Putting Things Back Together in New Orleans
Small frame houses had shifted off their foundations and floated down the street. They were overturned, stacked on top of each other, or flattened. Cars had been tossed onto porches, trees had crashed through roofs, a barge rested on top of a school bus. Telephone poles tilted at frightening angles along streets in the Ninth Ward, and mountains of debris had washed ashore in front yards.
In spite of the devastation, many New Orleans families still wanted to call the place home.
And so, during the holiday break, when many university students were basking on beaches or hitting the slopes, two groups of Willamette students went to Louisiana to help families whose homes had been battered by Hurricanes Katrina and Rita. The original trip, sponsored by Willamette's Take a Break program, filled so fast that spillover students hastily organized a second, informal trip with assistance from the Lilly Project, a University program that helps students find their spiritual calling or vocation. Working with the United Methodist Storm Recovery Center, the students lived simply, slept on the floor of a local church and cooked their own meals. They worked side by side with homeowners and spent days shoveling mud and tearing out walls and floors.
"The destruction was overwhelming," says student Lindsey Mizell '07. "I didn't expect that five months after the storm. A lot of the houses were so devastated they will have to be totally rebuilt. We were in areas that had seen extreme water damage, but there was a possibility of saving them, so we struck the houses down to the studs."
The work was filthy, but the worst part wasn't the oily muck; rather, it was the black mold that covered households. Many families, stricken with "Katrina cough," were unable to help. "We wore protective gear," says student Sean Muller '08, "but by the end of the day our masks were full of dust and mold spores."
"There was nothing left--nothing," says Steve Boyd, a staff member who served as a trip supervisor. "There was just removal of debris. Only by luck were we able to find an intact memento or two."
"One woman -- she was around 80, I imagine -- had been living in that area her whole life," Mizell says. "Her house was totally devastated. We asked her if there was anything she wanted us to salvage. With prodding, she said there was a vase of her mother's. That became my mission, to find that vase." After taking out loads of soiled clothing and buckets of oily mud, Mizell found the vase. It had been protected by mud.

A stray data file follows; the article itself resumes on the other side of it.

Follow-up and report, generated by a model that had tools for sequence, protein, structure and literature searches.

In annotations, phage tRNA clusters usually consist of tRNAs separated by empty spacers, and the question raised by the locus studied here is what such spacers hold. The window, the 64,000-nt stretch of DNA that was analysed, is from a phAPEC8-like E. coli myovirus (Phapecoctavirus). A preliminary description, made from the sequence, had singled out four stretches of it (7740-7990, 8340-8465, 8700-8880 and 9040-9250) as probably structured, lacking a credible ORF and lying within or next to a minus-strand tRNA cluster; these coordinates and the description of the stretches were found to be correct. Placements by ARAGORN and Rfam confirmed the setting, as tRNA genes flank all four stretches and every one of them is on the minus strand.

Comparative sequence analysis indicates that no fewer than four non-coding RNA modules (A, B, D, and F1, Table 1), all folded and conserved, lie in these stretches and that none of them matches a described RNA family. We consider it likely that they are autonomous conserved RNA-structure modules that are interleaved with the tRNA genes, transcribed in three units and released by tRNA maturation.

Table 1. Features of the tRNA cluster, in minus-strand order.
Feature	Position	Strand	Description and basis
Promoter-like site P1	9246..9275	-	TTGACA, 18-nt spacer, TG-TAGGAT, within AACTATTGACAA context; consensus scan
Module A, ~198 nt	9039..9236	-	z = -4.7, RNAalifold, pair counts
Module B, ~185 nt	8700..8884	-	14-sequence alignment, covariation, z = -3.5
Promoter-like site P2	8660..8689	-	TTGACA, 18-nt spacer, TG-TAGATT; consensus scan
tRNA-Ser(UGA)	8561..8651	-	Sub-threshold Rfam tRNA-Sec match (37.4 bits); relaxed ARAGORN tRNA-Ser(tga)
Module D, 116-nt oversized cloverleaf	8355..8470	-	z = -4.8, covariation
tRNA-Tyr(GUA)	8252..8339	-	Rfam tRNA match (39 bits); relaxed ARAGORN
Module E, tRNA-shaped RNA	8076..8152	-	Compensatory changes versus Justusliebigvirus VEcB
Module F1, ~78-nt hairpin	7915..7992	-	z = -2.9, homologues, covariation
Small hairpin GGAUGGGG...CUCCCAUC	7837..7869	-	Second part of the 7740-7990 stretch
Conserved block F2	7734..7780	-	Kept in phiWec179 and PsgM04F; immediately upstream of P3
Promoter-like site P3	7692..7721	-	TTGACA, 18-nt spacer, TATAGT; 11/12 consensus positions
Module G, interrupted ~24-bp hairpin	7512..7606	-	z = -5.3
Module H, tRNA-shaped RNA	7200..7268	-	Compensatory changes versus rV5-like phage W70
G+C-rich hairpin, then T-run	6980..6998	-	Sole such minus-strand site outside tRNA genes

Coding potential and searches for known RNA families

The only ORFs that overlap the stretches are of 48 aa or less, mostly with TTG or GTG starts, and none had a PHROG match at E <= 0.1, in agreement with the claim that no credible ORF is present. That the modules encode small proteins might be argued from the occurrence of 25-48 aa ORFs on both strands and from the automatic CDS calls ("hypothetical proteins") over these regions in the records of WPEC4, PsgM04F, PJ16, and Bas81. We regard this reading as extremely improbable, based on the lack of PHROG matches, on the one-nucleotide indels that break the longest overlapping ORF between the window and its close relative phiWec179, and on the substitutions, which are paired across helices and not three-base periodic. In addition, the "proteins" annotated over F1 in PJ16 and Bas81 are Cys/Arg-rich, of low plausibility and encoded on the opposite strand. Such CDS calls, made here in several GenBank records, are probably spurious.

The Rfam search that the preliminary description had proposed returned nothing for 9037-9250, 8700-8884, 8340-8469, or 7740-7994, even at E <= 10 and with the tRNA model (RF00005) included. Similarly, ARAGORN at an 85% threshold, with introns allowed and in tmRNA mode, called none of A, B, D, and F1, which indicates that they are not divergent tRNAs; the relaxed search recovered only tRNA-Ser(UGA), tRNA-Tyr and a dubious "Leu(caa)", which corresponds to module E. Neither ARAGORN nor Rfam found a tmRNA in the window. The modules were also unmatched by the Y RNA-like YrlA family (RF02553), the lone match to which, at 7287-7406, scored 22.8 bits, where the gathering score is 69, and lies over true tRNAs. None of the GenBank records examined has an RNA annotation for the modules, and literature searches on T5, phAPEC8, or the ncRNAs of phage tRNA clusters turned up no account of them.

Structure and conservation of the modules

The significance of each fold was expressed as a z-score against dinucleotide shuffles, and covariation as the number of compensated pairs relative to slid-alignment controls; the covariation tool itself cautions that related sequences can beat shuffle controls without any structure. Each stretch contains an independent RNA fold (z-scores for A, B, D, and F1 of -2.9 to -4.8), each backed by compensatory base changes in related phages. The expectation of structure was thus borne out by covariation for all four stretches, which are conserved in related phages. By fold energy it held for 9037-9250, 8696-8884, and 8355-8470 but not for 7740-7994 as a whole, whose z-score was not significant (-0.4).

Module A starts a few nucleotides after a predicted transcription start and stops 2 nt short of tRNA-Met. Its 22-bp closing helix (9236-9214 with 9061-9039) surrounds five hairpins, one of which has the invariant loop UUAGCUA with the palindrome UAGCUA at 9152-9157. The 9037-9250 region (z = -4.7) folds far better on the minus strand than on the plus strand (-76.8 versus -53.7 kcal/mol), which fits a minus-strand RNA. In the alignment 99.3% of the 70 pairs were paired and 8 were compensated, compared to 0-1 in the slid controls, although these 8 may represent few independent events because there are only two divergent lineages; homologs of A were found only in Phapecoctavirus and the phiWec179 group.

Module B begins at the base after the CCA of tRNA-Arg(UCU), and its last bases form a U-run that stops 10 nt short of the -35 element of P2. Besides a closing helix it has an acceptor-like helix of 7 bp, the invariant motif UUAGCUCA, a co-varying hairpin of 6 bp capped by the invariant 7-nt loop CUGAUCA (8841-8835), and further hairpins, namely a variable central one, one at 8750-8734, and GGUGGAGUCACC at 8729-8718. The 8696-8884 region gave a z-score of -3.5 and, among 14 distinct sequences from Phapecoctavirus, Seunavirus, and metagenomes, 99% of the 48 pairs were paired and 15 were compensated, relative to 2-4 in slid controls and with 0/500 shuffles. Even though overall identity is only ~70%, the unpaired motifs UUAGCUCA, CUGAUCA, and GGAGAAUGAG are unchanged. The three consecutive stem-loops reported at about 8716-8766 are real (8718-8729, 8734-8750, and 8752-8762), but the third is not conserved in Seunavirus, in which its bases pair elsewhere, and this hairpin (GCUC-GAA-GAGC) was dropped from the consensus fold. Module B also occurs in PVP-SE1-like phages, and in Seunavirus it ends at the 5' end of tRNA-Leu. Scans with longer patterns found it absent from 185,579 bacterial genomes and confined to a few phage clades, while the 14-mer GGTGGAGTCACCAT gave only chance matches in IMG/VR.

Students hauled out furniture and appliances and children's toys. They ripped down ceilings and walls and piled the rubbish up to the roofline in front of each home so the city could haul it away. Last was the carpet, as they stripped each house clean.
Before leaving the bare shell of each house, students posed with the owners, or wrote "Take care, God bless, Willamette University, January 2006," on the exposed wood. "We wanted people there to know that people from other parts of the country were thinking about them," Muller says.
The student dedication was genuine, says Steve Boyd. Students bypassed an additional sightseeing opportunity to put in an extra day of volunteer work.
Two more Take a Break student groups left in March, heading for Texas and Mississippi, where hurricane refugees have been relocated. Mizell was so moved by the experience she declared a leave of absence for the 2006-07 school year, and will return to the area to do volunteer work.
Each night in New Orleans the Take a Break students gathered to reflect on their experience. "What we realized is that -- even with lack of sleep and physical exhaustion -- we really can make a difference," Muller says. "And it was a lesson in humility. I think we learned a lot about the human spirit. People there have taken a hit I can't imagine taking. They've been stripped down to nothing, lived through months of this, and they still have the spirit of hope. They're still giving."
In the wake of Katrina's devastation, Willamette University mobilized to assist affected individuals and communities. The University offered a tuition-free semester to displaced students and matched donations from students, faculty and staff, sending $58,500 to the American Red Cross. The student club Blazing Hearts and Wild Minds created and sold "Katrina Relief" bracelets across campus to raise funds, and each undergraduate class competed with other classes, raising money by selling Mardi Gras necklaces made of glass beads. The Panhellenic Council sponsored a Red Cross blood drive, the Sigma Alpha Epsilon fraternity organized a benefit event with live bands, and students set up jars for spare change around campus. The Chaplain's Office collected and sent health kits, while the Hatfield Library dedicated their annual book sale revenues to an academic library damaged by the hurricanes. The campus food service, Bon Appetit, also made a corporate contribution.
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